George Washington’s Farewell Address gave a strong message about foreign policy. What was it?How did other administrations address foreign policy? Choose two of the following presidents and...

George Washington’s Farewell Address gave a strong message about foreign policy. What was it?

How did other administrations address foreign policy? Choose two of the following presidents and describe foreign policy events, positions, or ideas that took place during their administrations.

  • John Adams
  • Thomas Jefferson
  • James Madison
  • James Monroe

Asked on by dk123

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pohnpei397's profile pic

pohnpei397 | College Teacher | (Level 3) Distinguished Educator

Posted on

This is a bit long of a question for eNotes, but I'll have a start on it.

George Washington's main foreign policy point in his Farewell Address was to avoid "foreign entanglements."  By that, he meant that he didn't want the US to get caught up in wars between foreign powers.

He was proved right, to some extent, by the US getting caught up in the fighting between England and France after the French Revolution (in the presidencies of Jefferson and Madison, especially).  The US almsot goes to war with France and ends up going to war with Britain because it got caught up in the conflict between those two countries.

leabc's profile pic

leabc | High School Teacher | (Level 2) Adjunct Educator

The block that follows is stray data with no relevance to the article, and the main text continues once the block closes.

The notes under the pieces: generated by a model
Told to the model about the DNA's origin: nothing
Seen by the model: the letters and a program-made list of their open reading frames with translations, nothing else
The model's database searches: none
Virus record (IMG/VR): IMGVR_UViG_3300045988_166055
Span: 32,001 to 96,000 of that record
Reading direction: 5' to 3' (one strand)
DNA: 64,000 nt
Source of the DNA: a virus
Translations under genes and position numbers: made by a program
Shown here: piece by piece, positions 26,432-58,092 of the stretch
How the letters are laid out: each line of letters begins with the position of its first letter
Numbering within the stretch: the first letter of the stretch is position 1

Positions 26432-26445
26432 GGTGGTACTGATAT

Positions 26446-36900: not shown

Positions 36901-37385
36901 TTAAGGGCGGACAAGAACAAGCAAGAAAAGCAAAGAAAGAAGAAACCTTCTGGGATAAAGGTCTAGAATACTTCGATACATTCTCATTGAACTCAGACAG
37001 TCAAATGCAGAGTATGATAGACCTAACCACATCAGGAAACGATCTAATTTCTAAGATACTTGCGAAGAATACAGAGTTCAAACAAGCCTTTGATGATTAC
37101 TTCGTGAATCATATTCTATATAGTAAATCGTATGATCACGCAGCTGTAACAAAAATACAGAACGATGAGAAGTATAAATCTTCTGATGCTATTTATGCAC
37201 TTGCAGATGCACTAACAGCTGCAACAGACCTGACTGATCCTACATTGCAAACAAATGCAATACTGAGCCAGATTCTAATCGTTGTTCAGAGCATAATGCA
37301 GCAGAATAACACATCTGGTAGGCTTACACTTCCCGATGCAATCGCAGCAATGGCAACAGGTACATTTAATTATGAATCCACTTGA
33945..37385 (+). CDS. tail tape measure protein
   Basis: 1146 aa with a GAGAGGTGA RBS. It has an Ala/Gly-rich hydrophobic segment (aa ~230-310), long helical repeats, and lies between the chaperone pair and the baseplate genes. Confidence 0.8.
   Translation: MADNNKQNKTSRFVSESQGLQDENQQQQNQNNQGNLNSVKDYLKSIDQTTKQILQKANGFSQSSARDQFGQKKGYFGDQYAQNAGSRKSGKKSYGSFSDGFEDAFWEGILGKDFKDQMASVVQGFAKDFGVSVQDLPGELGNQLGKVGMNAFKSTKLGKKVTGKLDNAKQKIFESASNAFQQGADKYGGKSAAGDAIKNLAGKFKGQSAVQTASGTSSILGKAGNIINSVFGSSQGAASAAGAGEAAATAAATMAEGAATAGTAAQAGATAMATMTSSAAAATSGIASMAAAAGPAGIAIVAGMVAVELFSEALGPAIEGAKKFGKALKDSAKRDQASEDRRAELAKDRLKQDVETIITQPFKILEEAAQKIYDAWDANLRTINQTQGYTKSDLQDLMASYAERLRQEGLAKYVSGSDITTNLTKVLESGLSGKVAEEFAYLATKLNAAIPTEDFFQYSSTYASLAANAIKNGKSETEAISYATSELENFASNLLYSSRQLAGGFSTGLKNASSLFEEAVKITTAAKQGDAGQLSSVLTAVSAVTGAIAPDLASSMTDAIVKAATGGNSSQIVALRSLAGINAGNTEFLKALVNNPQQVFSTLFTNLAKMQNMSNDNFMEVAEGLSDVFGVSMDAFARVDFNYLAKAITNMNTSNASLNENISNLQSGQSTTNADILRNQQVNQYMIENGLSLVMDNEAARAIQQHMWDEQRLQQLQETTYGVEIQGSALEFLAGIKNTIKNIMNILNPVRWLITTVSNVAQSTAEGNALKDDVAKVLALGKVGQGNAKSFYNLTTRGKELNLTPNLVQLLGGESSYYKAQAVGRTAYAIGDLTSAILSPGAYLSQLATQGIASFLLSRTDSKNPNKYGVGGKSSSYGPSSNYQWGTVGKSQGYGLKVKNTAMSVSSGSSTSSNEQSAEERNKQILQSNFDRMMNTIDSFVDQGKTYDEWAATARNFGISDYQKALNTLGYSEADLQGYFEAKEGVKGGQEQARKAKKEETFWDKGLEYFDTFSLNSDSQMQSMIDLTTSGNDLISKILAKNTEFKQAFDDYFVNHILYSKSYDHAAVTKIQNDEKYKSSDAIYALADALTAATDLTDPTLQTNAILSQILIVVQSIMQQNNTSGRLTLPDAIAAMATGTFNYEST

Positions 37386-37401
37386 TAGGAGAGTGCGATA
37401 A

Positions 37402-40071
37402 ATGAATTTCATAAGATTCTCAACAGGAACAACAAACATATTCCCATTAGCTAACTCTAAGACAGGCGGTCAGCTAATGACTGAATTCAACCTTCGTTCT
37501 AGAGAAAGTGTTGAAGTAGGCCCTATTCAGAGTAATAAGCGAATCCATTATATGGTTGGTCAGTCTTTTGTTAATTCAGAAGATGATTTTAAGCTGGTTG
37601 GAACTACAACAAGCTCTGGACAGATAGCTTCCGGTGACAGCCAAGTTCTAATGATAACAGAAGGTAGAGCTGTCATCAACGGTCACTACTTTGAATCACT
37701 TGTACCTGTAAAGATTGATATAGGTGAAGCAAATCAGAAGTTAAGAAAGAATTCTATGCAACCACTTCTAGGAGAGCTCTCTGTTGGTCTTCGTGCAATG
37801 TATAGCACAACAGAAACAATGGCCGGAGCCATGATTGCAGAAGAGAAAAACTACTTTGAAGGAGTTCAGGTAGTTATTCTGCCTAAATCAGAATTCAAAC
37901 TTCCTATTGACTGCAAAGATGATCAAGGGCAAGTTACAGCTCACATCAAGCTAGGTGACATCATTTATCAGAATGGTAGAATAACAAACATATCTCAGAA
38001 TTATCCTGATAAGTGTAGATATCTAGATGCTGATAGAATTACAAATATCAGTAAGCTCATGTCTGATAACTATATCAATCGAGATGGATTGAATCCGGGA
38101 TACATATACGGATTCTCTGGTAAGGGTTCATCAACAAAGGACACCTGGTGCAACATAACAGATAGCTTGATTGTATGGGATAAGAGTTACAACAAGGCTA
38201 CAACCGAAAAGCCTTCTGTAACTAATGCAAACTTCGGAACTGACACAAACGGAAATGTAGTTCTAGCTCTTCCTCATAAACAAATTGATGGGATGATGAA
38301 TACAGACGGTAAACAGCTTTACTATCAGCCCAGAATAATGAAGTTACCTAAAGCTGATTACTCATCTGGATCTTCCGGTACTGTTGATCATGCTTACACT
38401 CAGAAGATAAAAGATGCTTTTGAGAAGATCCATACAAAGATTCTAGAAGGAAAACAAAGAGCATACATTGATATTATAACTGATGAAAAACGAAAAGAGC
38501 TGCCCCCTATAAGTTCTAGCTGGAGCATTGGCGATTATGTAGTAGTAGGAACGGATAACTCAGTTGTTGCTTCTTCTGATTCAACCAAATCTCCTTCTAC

Posted on

Adams tried his best to follow Washington's lead and avoid war at all costs.  He knew the country was too young to become embroiled in foreign feuds.  Although the Alien and Sedition Acts were used to diminish the power of the Anti-Federalists, they also kept the public from crying out for war.

Monroe took a step toward isolationism with the Monroe Doctrine; he was warning Russia and Europe that colonization in the New World had come to an end.

brettd's profile pic

brettd | High School Teacher | (Level 2) Educator Emeritus

Posted on

Continuing on the above answer in regards to Presidents Jefferson and Madison, both of them agreed with Washington that staying neutral in foreign policy was a smart choice that would keep the country from being dragged into European wars and rivalries.

Jefferson signed the Embargo Act in 1807 that kept American merchants from trading with any country fighting in the Napoleonic Wars, and Madison only slightly modified that policy in the Non-Intercourse Act.  Harsh on our economy to be sure, but designed to keep us out of Europe's foreign affairs.

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